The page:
9 OCTOBER 2004, Page 90

Pill Power

Susan Moore

It might seem perverse to think of Miss Cranston's tea rooms as Sotheby's prepares to offer Damien Hirst's works of art and design from the Pharmacy restaurant. It is certainly surreal to imagine her genteel Edwardian clientele perched on pillshaped bar stools downing Cough Syrup and Voltam' Retarding Agent cocktails and contemplating the skeletons suspended in the stairwell. But is it so strange to imagine that after Monday week's evening sale (18 October) those same white, aspirin-shaped bar stools, the jumbo Pop pills of the restaurant's stained-glass windows and the massive medicine cabinets neatly stacked with assorted drugs packaging might become as avidly sought after by museum curators and collectors from as far afield as the US and Japan as Charles Rennie Mackintosh's iconic oak and rush tea room side chairs?

For what Hirst created at the Notting Hill restaurant that, in 1998, he co-founded — with PR guru Matthew Freud, Liam Carson (aka Grouch° Club, Momo) and Jonathan Kennedy (Quo Vadis) — must lay claim to rank, as does Mackintosh's Willow Street Tea Rooms, as one of the 20th century's more remarkable examples of gesamtkunstwerk or total artwork. Hirst was given free rein not just to provide works of art for the new enterprise but also to be involved in the design of every aspect of the interior, its fixtures and fittings and tableware — right down to the Periodic Table logo on the plates. The project evolved out of Hirst's 'Pharmacy' installation of 1992, shown in New York, Texas and Seoul and now in the Tate collection. A wry comment on our belief in science and the power of the pill to fend off the Grim Reaper, it brought together huge glass and steel medicine cabinets and rows of coloured apothecary jars and had as a highly characteristic finishing touch an ominous humming insect-o-cutor suspended from the ceiling.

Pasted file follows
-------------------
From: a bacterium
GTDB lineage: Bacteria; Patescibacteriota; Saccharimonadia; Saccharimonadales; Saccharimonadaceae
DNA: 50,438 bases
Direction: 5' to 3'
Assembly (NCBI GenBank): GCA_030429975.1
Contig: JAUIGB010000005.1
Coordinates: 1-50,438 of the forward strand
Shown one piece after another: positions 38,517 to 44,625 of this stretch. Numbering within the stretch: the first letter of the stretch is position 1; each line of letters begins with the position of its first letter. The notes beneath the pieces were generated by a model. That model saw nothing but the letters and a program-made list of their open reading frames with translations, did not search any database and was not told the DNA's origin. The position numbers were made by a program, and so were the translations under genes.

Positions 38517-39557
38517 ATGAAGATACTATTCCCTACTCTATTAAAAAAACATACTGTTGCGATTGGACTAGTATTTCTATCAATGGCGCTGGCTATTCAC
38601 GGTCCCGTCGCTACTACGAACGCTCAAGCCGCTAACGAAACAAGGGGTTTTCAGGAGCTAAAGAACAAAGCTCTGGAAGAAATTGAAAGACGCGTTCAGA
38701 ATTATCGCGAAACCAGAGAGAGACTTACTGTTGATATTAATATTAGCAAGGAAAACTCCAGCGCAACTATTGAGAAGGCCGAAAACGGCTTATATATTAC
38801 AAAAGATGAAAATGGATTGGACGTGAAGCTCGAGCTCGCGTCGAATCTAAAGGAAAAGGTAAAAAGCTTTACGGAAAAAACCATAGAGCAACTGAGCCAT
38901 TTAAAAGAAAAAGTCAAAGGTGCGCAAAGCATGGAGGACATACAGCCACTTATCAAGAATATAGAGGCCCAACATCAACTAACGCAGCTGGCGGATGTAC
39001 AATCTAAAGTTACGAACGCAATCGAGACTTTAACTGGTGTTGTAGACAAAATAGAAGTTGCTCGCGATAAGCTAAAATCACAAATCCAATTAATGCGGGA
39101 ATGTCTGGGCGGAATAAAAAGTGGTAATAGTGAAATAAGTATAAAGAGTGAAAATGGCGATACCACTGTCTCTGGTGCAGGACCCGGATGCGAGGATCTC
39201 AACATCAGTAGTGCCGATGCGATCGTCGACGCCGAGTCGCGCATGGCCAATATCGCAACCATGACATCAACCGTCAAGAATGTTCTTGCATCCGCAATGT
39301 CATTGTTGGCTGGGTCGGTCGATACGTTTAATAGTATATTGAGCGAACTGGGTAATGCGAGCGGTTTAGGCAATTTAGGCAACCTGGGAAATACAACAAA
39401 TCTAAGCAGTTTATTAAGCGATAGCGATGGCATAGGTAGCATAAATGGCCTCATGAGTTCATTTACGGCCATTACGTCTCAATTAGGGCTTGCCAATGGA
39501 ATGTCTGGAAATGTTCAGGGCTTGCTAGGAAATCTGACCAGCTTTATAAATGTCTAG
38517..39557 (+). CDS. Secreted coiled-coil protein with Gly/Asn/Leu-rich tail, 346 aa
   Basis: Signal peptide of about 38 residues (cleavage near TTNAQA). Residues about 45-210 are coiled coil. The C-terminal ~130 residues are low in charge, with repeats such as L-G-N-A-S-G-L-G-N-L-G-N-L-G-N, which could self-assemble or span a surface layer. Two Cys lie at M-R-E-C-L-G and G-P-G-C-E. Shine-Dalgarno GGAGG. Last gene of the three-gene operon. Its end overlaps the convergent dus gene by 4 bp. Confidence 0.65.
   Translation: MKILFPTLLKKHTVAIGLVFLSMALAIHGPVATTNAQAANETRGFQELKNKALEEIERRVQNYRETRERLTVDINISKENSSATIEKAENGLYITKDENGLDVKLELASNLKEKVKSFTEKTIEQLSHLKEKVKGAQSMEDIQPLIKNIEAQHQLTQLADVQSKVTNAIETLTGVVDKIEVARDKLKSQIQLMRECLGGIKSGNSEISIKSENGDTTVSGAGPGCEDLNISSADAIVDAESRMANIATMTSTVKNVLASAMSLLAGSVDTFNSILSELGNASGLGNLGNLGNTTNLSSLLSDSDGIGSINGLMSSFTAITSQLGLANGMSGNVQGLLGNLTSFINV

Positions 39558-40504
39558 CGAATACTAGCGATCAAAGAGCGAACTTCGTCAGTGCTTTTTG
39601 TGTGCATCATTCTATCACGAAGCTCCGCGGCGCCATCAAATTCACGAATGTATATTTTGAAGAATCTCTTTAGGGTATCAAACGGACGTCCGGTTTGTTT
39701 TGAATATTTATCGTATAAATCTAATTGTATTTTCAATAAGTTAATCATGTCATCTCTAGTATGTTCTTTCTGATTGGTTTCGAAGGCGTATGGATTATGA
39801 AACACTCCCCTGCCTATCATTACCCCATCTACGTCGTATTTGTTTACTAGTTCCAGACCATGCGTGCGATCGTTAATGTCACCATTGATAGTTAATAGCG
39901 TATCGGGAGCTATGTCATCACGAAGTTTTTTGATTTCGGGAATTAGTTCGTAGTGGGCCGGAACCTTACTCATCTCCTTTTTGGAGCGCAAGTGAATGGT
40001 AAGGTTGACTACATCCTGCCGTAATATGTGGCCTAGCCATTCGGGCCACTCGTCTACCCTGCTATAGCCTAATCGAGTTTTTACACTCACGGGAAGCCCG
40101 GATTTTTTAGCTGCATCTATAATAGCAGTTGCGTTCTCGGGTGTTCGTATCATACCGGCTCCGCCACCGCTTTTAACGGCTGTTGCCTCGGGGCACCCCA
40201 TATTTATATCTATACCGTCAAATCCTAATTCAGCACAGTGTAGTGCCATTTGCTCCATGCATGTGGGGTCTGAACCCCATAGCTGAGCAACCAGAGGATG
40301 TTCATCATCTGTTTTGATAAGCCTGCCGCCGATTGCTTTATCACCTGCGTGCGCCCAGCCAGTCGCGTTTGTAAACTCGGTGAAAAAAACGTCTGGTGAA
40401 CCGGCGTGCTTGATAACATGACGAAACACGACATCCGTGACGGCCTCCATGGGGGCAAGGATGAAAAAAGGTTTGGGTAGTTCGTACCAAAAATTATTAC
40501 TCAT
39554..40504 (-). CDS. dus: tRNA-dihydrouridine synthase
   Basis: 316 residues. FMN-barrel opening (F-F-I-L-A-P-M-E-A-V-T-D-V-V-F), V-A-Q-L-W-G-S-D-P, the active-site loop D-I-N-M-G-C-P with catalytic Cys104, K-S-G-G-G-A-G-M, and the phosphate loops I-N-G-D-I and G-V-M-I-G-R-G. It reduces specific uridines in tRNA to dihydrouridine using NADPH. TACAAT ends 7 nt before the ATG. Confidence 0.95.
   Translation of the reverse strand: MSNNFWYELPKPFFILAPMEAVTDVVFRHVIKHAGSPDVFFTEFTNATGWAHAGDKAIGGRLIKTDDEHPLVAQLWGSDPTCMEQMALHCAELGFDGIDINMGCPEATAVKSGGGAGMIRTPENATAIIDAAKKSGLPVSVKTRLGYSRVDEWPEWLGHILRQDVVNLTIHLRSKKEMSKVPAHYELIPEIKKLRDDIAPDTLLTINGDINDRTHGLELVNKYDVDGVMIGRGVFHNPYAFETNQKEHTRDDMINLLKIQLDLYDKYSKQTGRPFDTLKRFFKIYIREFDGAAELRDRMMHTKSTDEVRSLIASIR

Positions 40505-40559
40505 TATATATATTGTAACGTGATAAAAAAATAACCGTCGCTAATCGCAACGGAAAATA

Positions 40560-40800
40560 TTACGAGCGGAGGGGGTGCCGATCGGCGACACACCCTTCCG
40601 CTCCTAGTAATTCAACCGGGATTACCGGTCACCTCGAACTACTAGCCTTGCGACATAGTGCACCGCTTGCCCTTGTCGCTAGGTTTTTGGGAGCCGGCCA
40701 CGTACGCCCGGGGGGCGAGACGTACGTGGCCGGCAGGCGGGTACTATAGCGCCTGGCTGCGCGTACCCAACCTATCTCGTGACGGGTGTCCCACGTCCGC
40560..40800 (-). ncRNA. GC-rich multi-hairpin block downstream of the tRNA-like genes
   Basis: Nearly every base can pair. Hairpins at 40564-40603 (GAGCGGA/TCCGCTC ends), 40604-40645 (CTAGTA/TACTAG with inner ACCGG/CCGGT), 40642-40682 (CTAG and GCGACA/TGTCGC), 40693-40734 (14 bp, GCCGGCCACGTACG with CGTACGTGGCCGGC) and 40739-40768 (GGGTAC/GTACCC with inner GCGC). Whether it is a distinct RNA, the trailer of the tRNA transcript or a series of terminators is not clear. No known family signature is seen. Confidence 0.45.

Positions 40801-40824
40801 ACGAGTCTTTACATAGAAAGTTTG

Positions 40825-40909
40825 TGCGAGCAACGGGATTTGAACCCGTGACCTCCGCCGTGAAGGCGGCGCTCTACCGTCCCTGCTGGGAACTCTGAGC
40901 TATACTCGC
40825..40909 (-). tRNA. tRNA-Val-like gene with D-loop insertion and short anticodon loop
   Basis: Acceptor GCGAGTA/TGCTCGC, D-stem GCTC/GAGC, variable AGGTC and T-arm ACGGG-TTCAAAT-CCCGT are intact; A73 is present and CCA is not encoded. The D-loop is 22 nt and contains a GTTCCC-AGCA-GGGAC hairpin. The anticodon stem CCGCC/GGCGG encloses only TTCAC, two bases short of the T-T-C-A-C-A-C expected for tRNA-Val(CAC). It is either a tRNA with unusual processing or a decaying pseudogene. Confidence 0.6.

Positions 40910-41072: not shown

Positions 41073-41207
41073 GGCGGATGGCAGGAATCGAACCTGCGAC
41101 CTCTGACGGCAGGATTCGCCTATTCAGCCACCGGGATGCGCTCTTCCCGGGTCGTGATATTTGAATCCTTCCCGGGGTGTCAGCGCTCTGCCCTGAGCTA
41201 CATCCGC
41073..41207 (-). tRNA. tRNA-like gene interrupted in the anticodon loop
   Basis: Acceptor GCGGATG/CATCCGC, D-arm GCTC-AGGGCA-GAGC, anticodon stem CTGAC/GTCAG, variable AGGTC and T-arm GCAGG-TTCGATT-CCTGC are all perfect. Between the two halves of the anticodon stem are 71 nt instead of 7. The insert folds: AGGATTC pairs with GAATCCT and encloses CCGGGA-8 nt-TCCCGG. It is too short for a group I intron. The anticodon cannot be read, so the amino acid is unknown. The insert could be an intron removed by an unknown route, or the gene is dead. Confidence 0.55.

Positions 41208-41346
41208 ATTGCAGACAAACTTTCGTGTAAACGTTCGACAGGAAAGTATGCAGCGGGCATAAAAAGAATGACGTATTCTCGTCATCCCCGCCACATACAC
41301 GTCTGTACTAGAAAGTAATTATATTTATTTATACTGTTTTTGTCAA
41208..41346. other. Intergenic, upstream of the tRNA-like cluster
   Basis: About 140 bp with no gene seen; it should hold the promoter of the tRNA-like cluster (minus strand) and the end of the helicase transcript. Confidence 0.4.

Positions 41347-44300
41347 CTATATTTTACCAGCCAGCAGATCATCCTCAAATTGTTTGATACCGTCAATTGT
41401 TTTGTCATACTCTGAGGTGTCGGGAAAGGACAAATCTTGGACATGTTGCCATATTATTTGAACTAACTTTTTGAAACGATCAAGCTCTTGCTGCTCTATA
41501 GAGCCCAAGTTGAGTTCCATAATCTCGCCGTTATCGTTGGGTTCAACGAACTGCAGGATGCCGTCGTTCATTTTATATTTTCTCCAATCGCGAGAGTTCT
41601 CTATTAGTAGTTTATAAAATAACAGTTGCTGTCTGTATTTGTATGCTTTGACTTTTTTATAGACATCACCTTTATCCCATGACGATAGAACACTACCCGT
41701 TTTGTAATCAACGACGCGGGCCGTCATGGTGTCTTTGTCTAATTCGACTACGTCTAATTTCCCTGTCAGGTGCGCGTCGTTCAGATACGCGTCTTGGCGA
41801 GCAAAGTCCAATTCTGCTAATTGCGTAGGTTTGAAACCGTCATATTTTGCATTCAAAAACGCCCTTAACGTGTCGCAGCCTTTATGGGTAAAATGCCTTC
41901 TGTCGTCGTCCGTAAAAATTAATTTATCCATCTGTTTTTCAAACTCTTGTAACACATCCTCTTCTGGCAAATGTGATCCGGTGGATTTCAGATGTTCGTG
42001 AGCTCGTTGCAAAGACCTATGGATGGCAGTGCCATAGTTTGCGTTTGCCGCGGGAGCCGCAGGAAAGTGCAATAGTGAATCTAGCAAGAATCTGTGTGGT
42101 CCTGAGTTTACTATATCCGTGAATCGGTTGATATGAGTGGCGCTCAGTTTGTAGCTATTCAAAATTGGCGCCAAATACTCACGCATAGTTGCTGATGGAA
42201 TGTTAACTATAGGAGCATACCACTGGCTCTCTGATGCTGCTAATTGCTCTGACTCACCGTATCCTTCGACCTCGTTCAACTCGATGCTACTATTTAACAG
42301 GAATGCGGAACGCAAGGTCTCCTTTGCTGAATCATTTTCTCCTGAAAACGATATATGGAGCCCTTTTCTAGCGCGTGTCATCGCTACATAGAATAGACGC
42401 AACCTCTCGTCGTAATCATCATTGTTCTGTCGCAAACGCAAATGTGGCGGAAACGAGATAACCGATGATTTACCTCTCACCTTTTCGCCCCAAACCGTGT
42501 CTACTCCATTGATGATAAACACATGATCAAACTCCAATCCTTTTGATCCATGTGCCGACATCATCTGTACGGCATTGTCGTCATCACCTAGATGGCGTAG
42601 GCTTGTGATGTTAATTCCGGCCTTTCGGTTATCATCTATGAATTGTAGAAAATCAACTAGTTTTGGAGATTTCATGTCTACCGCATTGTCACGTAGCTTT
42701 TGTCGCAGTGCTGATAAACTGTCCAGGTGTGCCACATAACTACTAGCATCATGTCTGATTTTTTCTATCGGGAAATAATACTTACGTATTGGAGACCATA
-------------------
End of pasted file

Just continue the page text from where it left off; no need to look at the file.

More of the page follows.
There was no let-up on this provocative, edgy theme as it developed in the restau rant. The place was overdosing on pills — pills gleaming through windows and out of floorboards, while stylised multicoloured spots dotted doors, paintings, wallpaper and glass panels. As customers sat on their giant aspirins, they flicked their ash into beguilingly pretty pastel ashtrays that themselves were modelled on the shape and colour of pills. Upstairs in the restaurant, the walls were lined with butterflies attached to canvases painted in seductive monochrome shades of household gloss — memento mans dishing out beauty and horror in equal measure over dinner. Lights took the form of conical glass bottles, the salt and pepper shakers of glass ampoules. Even the waitresses donned quasi-surgical gowns, designed by Prada, of course.

With its bar lined with medicine cabinets, the neon prescriptions sign and the enormous molecular-structure sculpture visible on the first floor, the place looked so much like a chemist's shop that it was often mistaken for one. Hirst evidently loves telling the story of the woman who asked for an aspirin, to which he replied, 'I am sorry, we have a strictly no-drugs policy here.' The Royal Pharmaceutical Society even claimed it was confusing and threatened legal action — hence the anagram 'army chap' which temporarily graced the façade.